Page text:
What is the primary leadership skill needed among pastors for this season of the Protestant church in America?
I am increasingly focusing my time and attention on discerning the answer to that question.
While it is dangerous to paint with too broad a brush, it appears to me that pastors of established churches (as opposed to church plants) that are not mega-churches face a very similar scenario.
Their churches are almost inevitably in decline. This is especially true if they compare their growth or decline to the growth or decline of the community around them.
Thus, the essential skillset needed as a leader can be described as that of a turnaround leader.
Unfortunately, training as a turnaround specialist is a relatively unexplored concept in theological training, and very few ministers enter the ministry with those talents cultivated and honed.
Most of us have had to learn on the job, as the season of church growth has given way to widespread decline.
However, a growing body of work is available that’s related to turnaround skills in the corporate arena, and we can learn a great deal from them as we navigate these uncharted waters.
Translating ideas from one world to another is always risky, but there is merit to understanding how others have stopped the decline of an organization and brought fresh vitality, energy and direction to people who thought their future was bleak.
Scan the web for articles about the psychology of turnaround leadership and be prepared for a lengthy reading session.
After reading dozens of them, what emerges for me are some core principles that seem to have relevance for ministers in churches facing decline and longing for turnaround.
1. Turnaround pastors provide vision and passion.
Declining congregations often have lost sight of their primary reason (or reasons) for being and are dejected, dispirited and depressed.
A turnaround pastor sees something in them and in their setting and their DNA that, if properly nurtured, can become the fire that generates energy and passion for the future.
Jesus saw something in his disciples and others whom he encountered that others simply could not see.
He looked beyond their failure (Peter) and their liabilities (tax collectors) and invited them to imagine a future that was more than they could fathom or imagine. That ability to see what others cannot see is a key trait of a turnaround leader.
2. Turnaround pastors bring ways of creating dialogue, respect and collaboration.
When congregations are in a season of decline, the congregational culture begins to descend into a season marked by secrecy, scapegoating, isolation, turf protection and passivity.
Staff members and key leaders desperately need a catalytic leader who can make the covert overt and bring to life a culture where conversation and dialogue is normative.
Fostering respect and a willingness to genuinely collaborate is one of the most essential tasks a turnaround leader must cultivate.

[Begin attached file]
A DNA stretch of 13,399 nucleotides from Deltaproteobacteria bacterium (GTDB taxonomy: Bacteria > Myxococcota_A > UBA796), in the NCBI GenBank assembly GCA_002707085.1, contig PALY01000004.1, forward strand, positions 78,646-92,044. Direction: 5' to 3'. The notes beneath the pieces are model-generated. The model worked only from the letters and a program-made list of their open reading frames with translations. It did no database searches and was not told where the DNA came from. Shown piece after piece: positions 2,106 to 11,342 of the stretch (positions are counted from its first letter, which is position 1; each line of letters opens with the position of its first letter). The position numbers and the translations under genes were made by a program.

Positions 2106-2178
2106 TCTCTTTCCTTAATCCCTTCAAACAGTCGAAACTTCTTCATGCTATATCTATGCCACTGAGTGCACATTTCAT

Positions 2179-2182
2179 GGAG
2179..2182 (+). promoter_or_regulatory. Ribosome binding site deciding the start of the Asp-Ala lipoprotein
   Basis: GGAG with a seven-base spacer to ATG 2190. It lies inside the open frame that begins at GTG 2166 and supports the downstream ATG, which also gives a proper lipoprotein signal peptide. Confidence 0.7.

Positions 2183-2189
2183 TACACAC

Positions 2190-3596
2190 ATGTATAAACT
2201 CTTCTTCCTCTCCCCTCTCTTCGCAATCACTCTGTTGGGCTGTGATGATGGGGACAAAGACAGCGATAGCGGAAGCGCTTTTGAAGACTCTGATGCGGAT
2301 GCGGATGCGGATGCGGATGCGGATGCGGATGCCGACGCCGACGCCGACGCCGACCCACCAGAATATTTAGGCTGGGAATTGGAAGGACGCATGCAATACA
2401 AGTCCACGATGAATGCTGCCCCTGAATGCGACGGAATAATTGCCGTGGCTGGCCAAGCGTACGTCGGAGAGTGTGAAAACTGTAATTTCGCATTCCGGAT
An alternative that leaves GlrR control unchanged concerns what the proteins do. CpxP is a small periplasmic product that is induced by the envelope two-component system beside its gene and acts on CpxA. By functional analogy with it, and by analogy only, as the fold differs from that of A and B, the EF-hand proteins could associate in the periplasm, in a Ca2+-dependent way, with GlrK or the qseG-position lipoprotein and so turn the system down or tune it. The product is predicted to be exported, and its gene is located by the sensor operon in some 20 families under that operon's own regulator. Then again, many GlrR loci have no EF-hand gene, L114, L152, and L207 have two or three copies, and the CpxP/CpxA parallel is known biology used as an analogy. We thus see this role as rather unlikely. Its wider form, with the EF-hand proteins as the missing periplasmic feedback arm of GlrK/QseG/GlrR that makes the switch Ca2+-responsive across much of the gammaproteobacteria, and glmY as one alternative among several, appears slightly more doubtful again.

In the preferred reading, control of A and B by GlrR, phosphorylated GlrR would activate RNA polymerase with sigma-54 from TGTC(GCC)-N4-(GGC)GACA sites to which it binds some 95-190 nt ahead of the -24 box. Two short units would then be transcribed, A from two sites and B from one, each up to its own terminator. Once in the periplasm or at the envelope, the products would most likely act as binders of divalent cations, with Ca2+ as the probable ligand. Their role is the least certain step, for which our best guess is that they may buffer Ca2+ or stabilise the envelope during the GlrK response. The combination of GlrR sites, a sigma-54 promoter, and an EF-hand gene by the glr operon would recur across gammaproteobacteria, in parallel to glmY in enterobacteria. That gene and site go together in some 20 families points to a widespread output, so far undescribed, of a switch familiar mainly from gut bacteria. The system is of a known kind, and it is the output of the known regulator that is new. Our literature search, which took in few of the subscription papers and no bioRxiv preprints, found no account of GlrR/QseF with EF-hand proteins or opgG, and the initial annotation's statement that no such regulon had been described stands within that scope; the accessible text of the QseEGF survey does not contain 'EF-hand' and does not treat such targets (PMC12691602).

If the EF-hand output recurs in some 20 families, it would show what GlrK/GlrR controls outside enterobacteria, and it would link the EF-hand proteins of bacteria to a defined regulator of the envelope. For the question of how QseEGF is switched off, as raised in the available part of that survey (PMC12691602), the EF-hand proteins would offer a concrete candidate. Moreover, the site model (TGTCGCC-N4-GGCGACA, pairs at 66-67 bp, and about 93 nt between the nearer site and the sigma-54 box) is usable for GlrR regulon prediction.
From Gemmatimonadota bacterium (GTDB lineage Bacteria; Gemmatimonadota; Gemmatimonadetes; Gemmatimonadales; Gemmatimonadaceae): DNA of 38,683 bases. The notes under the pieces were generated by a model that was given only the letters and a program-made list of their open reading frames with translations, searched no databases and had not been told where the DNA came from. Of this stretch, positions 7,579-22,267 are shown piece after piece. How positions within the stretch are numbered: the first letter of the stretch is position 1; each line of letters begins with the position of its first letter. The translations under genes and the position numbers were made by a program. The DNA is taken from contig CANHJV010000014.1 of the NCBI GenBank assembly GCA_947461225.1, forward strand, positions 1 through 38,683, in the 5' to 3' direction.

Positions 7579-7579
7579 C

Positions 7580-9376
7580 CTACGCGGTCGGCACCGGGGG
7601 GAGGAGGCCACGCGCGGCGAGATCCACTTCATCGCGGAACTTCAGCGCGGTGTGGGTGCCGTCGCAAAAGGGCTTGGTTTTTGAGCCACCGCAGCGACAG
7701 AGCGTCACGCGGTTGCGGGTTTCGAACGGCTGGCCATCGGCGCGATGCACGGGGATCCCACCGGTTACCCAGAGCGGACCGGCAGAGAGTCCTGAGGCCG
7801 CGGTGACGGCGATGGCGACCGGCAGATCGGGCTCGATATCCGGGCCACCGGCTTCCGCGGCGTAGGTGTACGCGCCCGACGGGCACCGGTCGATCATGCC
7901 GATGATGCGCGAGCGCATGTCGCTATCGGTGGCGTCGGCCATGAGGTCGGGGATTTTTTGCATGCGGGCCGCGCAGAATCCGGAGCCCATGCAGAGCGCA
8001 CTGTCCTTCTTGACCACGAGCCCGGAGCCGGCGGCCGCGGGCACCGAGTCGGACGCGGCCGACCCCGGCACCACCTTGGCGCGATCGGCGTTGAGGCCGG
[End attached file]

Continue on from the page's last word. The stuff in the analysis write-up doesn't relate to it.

Finding scriptural support for speaking truth to one another and building a team that values diversity is actually fairly easy.
It was the way Jesus assembled his discipleship team, and the way the early church was able to leverage the skills of a disparate band of followers into the greatest missionary force the world has ever seen.
3. Turnaround pastors are not afraid to engage and manage conflict.
Normalizing conflict as an inevitable and necessary part of being a high-functioning team (both lay and clergy) is a key ingredient in any turnaround.
Inviting honesty that is couched in respect and a shared commitment to live in community requires a leader who can manage his or her own emotions and remain calm amid the anxiety of others.
The most effective turnaround pastors I know have learned to lean into conflict and see it as a friend when it is used to move a congregation closer to the dream God has for them.
See how Jesus reacted in John 6 when his followers grew disenchanted with his trajectory and began to question him.
4. Turnaround pastors exude and live out of a spirit of confidence.
This confidence is rooted in their conviction that God is going to provide for and guide the church who humbles themselves and submits to Divine guidance.
This confidence is not in the human skills of the pastor, but in the Spirit who inspires and sustains the people of God on our best days.
Turnaround ministry is now the norm for the vast majority of American clergy. It is rooted in our belief that God has more in store for the church than we can see or imagine.
It requires a diligent retraining for most of us, and a willingness to speak the truth to a congregation in as loving a way as possible.
When our efforts and the guidance of the Holy Spirit are joined together to bring the reign of God to bear upon our city or community, amazing things can happen.
Bill Wilson is president of the Center for Healthy Churches (CHC) housed at Belmont University in Nashville, Tennessee.